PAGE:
I asked Policy Press for page view stats for the companion websites I had done for them. Not surprisingly as it’s my best seller, Creative Research Methods scored highest. But to my astonishment, second highest was Creative Writing for Social Research which only came out in January. And Research and Evaluation for Busy Students and Practitioners, my longest-standing research methods book, was trailing far behind the rest of the field. Which made me realise that if you’re creating a book for busy people, adding a website they have to go to for resources may be counter-productive.
However, there is the whole book size/price problem to consider. And some people love companion websites, especially teachers such as Beth Kelly and Karen Zgoda who like to find reflective or discussion questions, tasks for students, handouts, quiz questions, and even PowerPoints and videos based on the concepts in the text. Sandra Flynn is another fan and encourages her MSc research students to bookmark the companion guide to the core text (HE teachers, be like Sandra!). So evidently there is a place for them. And Mandy Shaw made an excellent point when she said that if they are hosted by a publisher, they need publicising by that publisher.
So, here are four good practice points for companion websites to academic books, and their creators and hosts:
- Only create a companion website when there is scope to include material which is supplementary to, and cannot fit in, the book you are writing. If there isn’t, don’t bother, even if the publisher pleads; refer them to this post – it’s a waste of time.
- If you want to be sure of the quality of your companion website, create and update it yourself – but be aware that this is time-consuming unpaid work which may benefit your publisher more than yourself.
- If you are considering creating content for a publisher-hosted companion website, ask them some searching questions first, including how they promote their companion websites, whether the website will be open access, and how they ensure the websites don’t contain dead or broken links. If you are not happy with the answers, don’t create the content for the publisher; consider making your own website instead, or setting up an alternative resource such as a YouTube channel. (You would probably be well advised to have these conversations when you are negotiating your contract, or you may find yourself signed up for a big job you don’t actually want to do.)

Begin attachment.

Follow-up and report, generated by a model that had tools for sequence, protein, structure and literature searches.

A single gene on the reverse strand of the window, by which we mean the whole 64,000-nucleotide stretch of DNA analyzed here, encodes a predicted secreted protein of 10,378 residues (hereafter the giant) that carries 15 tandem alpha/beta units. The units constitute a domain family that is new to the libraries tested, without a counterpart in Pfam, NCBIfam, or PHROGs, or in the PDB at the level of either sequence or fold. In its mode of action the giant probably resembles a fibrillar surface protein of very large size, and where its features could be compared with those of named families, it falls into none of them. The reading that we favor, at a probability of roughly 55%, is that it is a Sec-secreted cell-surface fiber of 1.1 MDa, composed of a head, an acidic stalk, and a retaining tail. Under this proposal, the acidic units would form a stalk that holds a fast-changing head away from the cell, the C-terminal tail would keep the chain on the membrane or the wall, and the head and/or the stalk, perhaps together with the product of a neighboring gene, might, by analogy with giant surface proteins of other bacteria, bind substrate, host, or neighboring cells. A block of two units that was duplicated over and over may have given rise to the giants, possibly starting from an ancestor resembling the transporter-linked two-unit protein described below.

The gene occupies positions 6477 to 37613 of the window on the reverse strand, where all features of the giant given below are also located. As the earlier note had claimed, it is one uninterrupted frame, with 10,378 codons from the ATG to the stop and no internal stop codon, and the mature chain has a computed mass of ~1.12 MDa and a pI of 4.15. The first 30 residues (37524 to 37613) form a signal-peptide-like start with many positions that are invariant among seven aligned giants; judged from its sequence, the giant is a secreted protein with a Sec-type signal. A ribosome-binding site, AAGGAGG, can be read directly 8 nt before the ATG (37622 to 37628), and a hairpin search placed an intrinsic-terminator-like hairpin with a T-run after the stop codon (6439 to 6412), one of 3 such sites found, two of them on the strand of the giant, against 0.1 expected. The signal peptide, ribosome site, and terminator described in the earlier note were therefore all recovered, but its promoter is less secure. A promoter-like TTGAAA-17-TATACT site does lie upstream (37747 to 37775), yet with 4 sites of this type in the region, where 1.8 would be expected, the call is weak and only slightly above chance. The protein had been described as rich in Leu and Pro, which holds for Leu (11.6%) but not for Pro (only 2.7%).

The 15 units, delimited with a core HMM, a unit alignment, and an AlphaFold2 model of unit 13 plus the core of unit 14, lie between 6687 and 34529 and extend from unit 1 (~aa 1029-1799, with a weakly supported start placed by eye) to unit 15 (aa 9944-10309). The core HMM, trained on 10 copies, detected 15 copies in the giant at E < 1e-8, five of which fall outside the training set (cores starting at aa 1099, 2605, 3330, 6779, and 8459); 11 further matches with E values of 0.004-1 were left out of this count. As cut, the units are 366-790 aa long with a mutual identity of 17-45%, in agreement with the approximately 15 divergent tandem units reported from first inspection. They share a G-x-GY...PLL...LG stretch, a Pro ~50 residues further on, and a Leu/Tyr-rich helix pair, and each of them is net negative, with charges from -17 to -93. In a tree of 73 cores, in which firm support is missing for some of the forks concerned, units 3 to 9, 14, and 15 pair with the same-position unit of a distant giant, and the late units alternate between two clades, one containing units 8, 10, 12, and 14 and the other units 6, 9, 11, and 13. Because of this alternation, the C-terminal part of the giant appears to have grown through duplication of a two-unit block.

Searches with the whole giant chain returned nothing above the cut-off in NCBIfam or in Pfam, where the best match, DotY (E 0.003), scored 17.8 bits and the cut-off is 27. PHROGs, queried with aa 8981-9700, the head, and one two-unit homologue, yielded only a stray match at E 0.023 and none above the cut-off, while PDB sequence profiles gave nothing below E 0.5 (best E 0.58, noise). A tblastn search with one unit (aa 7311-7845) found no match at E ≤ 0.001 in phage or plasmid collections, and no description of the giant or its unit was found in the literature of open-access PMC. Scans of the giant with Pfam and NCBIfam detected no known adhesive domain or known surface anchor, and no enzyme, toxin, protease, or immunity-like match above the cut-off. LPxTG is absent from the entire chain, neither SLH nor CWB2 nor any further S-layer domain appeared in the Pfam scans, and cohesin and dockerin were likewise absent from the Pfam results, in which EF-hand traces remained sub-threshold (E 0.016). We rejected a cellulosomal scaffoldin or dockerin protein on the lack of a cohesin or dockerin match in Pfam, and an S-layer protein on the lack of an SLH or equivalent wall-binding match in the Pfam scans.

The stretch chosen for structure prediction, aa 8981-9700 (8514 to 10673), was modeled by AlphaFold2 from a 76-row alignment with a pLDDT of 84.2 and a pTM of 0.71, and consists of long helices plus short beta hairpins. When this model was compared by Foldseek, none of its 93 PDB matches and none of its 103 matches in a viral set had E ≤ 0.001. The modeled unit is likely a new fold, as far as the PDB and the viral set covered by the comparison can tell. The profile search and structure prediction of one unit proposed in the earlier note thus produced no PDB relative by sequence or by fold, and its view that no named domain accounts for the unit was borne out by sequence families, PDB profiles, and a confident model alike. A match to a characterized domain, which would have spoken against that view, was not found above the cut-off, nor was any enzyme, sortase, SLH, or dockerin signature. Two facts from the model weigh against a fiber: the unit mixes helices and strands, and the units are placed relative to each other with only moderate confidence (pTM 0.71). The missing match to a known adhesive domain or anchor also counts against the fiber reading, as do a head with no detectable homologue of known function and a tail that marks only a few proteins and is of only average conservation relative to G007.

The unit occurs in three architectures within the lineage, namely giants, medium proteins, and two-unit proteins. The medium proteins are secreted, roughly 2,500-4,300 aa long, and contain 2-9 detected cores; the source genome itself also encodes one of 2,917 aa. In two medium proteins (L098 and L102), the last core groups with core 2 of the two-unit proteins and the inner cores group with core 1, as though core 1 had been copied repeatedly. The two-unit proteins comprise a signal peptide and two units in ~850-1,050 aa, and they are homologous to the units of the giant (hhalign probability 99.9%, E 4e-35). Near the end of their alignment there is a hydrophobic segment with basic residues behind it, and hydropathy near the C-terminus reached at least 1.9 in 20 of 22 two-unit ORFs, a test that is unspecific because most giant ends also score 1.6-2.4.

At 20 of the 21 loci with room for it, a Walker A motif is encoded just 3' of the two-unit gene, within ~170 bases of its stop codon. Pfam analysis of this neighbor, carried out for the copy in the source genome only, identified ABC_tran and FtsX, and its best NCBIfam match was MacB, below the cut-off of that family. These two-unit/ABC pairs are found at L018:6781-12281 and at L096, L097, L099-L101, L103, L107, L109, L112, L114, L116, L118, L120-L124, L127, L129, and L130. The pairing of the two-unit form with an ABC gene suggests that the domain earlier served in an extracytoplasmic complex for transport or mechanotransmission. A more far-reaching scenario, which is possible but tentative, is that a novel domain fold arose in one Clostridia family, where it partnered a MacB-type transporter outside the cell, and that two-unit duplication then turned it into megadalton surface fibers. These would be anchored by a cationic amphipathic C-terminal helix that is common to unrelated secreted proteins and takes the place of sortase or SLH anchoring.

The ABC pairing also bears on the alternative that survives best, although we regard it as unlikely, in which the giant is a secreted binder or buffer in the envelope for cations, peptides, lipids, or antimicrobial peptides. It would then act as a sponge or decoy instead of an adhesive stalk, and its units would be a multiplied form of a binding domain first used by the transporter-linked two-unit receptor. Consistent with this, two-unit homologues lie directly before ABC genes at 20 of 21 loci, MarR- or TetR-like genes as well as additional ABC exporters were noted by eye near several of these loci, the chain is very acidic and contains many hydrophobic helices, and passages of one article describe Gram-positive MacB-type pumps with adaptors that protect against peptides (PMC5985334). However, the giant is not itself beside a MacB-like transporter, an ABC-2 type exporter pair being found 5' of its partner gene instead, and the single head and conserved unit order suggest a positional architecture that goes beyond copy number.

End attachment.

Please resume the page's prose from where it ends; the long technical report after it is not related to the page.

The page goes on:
- If you do create a companion website, add all the pages to the Internet Archive at an early stage.
Steve Wright raised the topic of payment. He wrote some content for the companion website of a book he was not otherwise involved in. Steve argued for payment from the publisher on the basis that if they would pay him to do a proposal or manuscript review (which they would), they should pay him to write content for a book in which he had no commercial interest. He had to really push, but he did get paid in the end. And that got me thinking. Writing companion websites is very time-consuming and a big extra responsibility for a textbook writer. There is no flat rate for payment, so no incentive to create that content. Also, there is no royalty attached to page views, so no incentive for writers to promote their own publisher-hosted companion websites. Many academic writers – me included – seem to have accepted this unpaid extra work as something we have to do, without asking a lot of important questions of our publishers and ourselves. I hope this post will help to redress that balance.